Pope promotes morality not contraception in Africa Aids fight

|PIC1|The Pope has reaffirmed the Vatican’s ban on the use of contraception in the fight against Aids. Pope Benedict XVI was speaking ahead of his visit to Africa, the continent most blighted by Aids.

He described Aids as “a tragedy that cannot be overcome by money alone, and that cannot be overcome through the distribution of condoms, which even aggravates the problems”.

Instead, the Pope said the disease could be defeated by keeping to the teachings of the Church on marriage and faithfulness. In the past, the Catholic Church has said that HIV and Aids can pass through condoms.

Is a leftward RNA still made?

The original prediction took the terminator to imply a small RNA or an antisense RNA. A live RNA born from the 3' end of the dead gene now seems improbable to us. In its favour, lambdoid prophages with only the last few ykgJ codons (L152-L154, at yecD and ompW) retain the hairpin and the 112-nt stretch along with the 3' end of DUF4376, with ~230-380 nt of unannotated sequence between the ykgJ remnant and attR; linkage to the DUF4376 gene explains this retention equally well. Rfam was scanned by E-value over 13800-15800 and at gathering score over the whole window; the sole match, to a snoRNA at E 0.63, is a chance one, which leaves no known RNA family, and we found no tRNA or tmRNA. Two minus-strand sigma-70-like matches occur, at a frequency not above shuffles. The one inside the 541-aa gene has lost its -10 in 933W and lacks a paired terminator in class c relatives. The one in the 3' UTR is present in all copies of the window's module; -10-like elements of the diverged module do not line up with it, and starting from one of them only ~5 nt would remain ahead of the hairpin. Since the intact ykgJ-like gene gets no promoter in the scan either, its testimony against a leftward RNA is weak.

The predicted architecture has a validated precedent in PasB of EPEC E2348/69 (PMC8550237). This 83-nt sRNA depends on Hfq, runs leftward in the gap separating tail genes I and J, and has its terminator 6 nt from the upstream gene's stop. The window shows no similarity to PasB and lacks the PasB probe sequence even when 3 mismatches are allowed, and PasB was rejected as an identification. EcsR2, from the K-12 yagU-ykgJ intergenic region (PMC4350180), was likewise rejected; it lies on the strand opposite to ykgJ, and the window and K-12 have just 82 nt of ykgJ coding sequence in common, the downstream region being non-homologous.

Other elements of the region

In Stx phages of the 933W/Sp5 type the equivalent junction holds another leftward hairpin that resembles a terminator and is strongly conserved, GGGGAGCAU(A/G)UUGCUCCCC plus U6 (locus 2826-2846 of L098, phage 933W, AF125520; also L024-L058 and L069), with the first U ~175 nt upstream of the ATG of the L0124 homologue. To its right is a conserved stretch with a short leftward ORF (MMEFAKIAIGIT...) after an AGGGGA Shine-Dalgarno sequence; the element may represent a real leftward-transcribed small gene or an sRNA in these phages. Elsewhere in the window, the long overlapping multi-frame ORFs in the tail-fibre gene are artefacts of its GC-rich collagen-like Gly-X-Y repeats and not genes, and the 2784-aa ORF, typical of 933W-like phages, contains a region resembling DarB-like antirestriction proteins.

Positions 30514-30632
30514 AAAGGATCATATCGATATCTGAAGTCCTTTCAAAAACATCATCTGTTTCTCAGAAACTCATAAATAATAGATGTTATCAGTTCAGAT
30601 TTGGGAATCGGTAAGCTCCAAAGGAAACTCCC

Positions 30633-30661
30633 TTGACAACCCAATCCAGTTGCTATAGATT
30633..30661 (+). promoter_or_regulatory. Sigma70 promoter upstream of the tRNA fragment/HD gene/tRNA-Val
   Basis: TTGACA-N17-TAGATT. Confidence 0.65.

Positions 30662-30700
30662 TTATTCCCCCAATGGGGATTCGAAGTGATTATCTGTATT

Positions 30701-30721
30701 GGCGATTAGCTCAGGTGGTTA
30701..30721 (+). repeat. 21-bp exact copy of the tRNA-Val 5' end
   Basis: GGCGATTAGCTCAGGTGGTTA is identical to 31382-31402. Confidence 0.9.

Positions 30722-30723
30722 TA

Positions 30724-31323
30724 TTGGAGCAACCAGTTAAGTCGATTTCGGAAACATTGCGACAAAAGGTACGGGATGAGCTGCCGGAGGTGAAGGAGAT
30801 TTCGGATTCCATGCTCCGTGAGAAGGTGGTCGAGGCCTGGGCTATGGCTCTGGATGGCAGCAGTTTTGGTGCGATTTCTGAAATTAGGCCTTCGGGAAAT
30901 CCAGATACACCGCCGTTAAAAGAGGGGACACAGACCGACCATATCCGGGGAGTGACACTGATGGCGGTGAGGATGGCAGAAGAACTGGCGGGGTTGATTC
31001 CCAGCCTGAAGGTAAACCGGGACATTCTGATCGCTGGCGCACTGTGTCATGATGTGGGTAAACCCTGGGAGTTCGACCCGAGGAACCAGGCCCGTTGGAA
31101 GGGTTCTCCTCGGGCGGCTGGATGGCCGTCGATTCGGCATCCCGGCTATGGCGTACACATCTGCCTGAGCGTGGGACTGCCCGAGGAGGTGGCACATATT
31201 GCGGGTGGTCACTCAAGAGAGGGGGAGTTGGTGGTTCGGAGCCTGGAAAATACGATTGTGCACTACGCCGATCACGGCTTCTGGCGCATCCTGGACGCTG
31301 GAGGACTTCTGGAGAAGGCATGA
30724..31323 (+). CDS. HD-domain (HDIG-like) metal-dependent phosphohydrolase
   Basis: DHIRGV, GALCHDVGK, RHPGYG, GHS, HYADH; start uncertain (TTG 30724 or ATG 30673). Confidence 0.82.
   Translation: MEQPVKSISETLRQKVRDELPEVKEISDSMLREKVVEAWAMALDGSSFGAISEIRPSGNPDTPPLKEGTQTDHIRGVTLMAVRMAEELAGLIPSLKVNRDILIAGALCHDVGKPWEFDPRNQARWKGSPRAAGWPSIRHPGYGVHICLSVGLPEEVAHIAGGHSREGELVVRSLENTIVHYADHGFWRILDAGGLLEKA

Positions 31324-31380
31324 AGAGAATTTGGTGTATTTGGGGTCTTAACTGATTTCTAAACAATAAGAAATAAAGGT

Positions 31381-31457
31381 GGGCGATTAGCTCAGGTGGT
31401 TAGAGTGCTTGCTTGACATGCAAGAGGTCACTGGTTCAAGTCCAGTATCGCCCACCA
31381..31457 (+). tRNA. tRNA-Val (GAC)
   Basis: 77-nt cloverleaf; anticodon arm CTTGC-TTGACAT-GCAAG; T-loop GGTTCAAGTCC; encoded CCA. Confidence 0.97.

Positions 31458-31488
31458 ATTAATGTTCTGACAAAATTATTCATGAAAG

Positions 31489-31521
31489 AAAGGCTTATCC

This week, Pope Benedict is visiting Cameroon and Angola on his first trip to Africa as Pope. There are around 33 million people across the world suffering from Aids, of these 27 million live in Africa. Since the 1980s around 25 million Africans have died from the disease.

The Pope’s comments have drawn some criticism from leftist and gay groups.

Aurelio Mancuso of Italian gay rights group Archigay said, “This view simply contributes to the spread of the disease and especially in Africa where there are not enough medical resources to treat patients,” reports the Daily Mail.

During his visit the Pope is also expected to raise the issue of human rights in Africa and will be previewing a synod for African bishops entitled "reconciliation, justice and peace".

Paul Biya, who has been President of Cameroon for almost 27 years has been criticised by Amnesty International for leading a government which represses political opposition through killings and torture.

In 2002 Angloa emerged from a civil war lasting over a quarter of a century. The war began in 1975 almost immediately after Angola received independence from Portugal.